The Refugees Convention does not oblige signatory countries to provide protection to people who do not fear persecution and have left their country of nationality or residence on the basis of war, famine, environmental collapse or in order to seek economic opportunities.”

    Lets say an economic migrant knowingly provides false information to support their asylum claim:
    - what rights do they have during their claim process?
    - what happens when the claim is granted based on false information they have provided, and they receive protection which they’re not entitled to?
    - what rights does Australia have when economic migrants are granted asylum which they’re not entitled to, then choose to use their existing connections to engage in people smuggling and risk other people’s lives for profit?

    This article quotes an asylum seeker saying:
    “I tried to tell [the official] that I am a refugee and please help me, and she said: ‘No, I am not here to hear all those stories, you are going.’”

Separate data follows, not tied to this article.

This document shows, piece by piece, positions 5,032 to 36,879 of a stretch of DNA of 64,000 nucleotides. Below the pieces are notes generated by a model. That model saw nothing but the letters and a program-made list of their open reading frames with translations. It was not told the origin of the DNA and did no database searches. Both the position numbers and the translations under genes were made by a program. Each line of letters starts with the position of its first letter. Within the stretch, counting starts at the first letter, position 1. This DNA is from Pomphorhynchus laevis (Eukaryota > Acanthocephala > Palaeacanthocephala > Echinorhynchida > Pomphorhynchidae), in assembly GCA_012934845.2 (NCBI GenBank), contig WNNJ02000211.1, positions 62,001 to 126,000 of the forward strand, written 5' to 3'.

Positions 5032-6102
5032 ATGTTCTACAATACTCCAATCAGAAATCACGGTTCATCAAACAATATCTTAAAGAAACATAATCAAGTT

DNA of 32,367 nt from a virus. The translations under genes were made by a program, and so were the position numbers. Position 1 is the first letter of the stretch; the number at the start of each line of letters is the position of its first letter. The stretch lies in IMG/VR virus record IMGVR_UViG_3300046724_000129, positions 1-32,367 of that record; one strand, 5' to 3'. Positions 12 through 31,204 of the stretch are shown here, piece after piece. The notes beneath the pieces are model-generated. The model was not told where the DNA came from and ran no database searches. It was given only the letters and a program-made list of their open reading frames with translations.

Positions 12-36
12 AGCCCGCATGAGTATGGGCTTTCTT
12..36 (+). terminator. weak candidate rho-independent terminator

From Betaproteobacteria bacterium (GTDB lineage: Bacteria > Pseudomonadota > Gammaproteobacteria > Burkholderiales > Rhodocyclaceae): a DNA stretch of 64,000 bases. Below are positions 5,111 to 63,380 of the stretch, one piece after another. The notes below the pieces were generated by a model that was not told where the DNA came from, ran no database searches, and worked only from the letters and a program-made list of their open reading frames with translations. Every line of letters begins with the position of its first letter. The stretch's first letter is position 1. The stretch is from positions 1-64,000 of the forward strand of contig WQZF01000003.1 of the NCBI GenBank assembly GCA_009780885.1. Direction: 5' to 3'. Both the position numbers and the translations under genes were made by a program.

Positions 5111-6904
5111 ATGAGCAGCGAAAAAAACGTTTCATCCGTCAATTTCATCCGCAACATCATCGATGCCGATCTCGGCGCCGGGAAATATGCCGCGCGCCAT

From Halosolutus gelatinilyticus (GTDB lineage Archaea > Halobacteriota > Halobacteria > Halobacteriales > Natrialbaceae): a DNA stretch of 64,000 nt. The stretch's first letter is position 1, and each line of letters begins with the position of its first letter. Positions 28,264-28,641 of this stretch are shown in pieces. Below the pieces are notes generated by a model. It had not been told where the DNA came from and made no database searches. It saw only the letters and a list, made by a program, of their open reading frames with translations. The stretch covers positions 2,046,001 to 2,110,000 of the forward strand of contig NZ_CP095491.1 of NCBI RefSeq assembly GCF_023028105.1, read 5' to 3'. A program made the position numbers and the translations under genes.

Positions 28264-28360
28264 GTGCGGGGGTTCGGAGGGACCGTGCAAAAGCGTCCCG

Do we have any evidence to backup this allegation?
    Has the appropriate Department been given the opportunity to clarify:
    - if that comment is accurate?
    - if the comment is accurate then what is the context?
    - if comment and context are accurate, then why are we not following proper procedure for processing claims?
    - if the comment is not accurate, why is it being referenced?

    If it’s taken out of context then lets hear/read the full situation so we can understand it and make a more informed opinion.

    Thanks for the link:
    http://parlinfo.aph.gov.au/parlInfo/search/display/display.w3p;db=COMMITTEES;id=committees%2Festimate%2Fa41a5fdb-967c-42a4-b0f4-6ac936ebb9dc%2F0004;query=Id%3A%22committees%2Festimate%2Fa41a5fdb-967c-42a4-b0f4-6ac936ebb9dc%2F0000%22
    …although it took a while to find the reference to “82% of the rejections overturned on appeal” in such a large document but further reading was quite interesting, like being a fly on the wall.

    A lot of information I’m sure most people are unaware of, including this:
    -Senator HANSON-YOUNG: I want to go back to the current issues facing the Nauru detention facility. You said earlier that it is not a detention facility in that it does not have gates. What do you mean by that?